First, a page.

The mystery of Jesus becomes visible in his prayer. Benedict XVI explains that in this dialogue of love, “Luke has raised the prayer of Jesus to the central Christological category from which he describes the mystery of the Son.”

It is in the solitary speaking with the Father that he comes to men and that men come to him. This theology of Luke is most clearly expressed in his ironic (yet intentional) choice of words: “when he was alone with the disciples.” (Luke 9:18)

Benedict XVI conveys so eloquently that “only by entering into Jesus’ solitude, only by participating in what is most personal to him, his communication with the Father, can one see what this most personal reality is; only thus can we penetrate to his identity.”

He is Son because of his unceasing prayer. This union and communion signifies his Son-ship to the Father.

Simply put by the God-man, "I and the Father are one." (John 10:30)

Jesus Christ According to Benedict XVI- Part I.

In Benedict XVI's spiritual, theological and pastoral writings, it is evident that he is committed to restoring the disconnect caused by modern historical scholarship between the “historical Jesus” and the “Christ of Faith.”

Benedict XVI points out that the “title of ‘Christ’ has largely given way to the personal name ‘Jesus.’” The title “Christ” implies the Jesus of “faith” as the Church understands and confesses him to be which is the God-man. Leaving the "Christ" out of the title "Jesus Christ" emphasizes his humanity over his divinity which is a reduced understanding of who he is.

This disconnect has been further popularized through the various television documentaries on the life of Jesus. The "Jesus of history" is often contrasted with the "Jesus of faith." Believers and nonbelievers alike have suggested that the historical Jesus (what is exclusively known of him solely by historical evidence) is quite different and oftentimes contradictory to the Jesus understood by those in the Christian tradition and revelation.

Putting fanciful (and fallacious) histories of Jesus aside, a true believer should not disregard the historical-critical method of biblical scholarship. There are two reasons for this. The first reason is that the Christian Faith is a historical religion. By becoming incarnate, God entered human history through the life and events of Jesus of Nazareth. Second, because if the Faith is true, it cannot and will not be contradicted with what history (and further science) provides. Benedict XVI calls the method an "indispensable tool." Historical scholarship can aid in understanding Jesus by providing the historical context of the four Gospels.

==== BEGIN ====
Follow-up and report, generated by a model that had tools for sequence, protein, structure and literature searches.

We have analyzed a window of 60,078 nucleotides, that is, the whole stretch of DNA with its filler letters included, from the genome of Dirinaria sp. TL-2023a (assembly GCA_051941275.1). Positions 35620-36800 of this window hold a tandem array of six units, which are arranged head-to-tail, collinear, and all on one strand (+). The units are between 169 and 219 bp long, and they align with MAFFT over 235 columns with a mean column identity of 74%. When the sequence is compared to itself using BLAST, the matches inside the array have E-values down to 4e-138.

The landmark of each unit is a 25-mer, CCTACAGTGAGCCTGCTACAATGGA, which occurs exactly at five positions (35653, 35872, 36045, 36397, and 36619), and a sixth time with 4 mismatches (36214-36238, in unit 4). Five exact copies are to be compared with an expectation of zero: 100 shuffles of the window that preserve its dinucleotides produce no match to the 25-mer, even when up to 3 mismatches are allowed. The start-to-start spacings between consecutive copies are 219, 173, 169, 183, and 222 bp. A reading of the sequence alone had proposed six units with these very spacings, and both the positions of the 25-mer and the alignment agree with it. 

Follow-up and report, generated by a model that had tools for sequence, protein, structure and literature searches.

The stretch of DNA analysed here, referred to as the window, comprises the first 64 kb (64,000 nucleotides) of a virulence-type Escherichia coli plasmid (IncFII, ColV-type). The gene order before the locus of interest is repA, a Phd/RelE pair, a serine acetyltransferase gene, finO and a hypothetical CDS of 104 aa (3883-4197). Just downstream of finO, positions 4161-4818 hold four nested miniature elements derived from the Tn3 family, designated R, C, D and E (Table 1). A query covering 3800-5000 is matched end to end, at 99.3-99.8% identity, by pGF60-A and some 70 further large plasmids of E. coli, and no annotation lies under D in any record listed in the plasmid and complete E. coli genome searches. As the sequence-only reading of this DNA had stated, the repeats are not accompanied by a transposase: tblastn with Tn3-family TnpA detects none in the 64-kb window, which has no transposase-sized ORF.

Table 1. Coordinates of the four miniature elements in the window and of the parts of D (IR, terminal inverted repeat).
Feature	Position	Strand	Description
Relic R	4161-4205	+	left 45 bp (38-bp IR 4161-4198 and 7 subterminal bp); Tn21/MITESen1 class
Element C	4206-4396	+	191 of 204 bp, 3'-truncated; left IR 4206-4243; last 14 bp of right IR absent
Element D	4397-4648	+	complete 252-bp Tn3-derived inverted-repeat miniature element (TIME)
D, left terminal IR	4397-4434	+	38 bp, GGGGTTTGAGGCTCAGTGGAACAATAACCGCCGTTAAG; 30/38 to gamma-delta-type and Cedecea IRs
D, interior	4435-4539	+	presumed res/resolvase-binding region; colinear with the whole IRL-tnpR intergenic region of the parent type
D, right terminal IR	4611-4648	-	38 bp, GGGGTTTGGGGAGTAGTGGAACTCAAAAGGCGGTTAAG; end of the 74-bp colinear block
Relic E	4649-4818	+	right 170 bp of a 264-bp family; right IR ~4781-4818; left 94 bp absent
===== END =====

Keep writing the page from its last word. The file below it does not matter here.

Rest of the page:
Benedict XVI clarifies that it is crucial to remember that the method, however, is limited and that not everything that is true about a person can be shown by historical evidence. Oftentimes theories are treated as certainties only later to be disregarded as erroneous. One must also consider the personal agenda of the particular scholar and that historical documents can be found to be inauthentic and misinterpreted.

The restoration of the gap between the supposed “historical Jesus” and the “Christ of faith” is imperative if one is to understand Jesus Christ in the totality of his being. Thus, the “Christian interpretation begins with an act of faith in Christ that is consistent with historical reason but transcends it.” The historical-critical methods that claim to present a purified (apart from the Christian revelation) representation of Jesus are ultimately inadequate. "Jesus only subsists as the Christ and Christ only subsists in the shape of Jesus."

Benedict XVI portrays Jesus beyond the limitations of historical criticism and “draws on the resources of Christian faith which is much more logical, and, historically speaking, much more intelligible than the reconstructions provided by the historical quests of recent decades.”

Simply put, the Christ of Faith is the Jesus of history.

Jesus Christ According to Benedict XVI-Introduction

When a little boy sees a cardboard box, he is not content to just give it a superficial glance--he wants to look inside the box.

As humans, we are drawn to mystery. The experience of mystery is interesting because it is not that life is not or cannot be understood, but that it can never be fully understood, in its totality. And yet the desire to know and understand remains.

The drama of life is also undeniably one of paradox! St. Paul described this experience of being human so well in his letter to the Romans: "I do not understand my own actions. For I do not do what I want, but I do the very thing I hate." (7:15)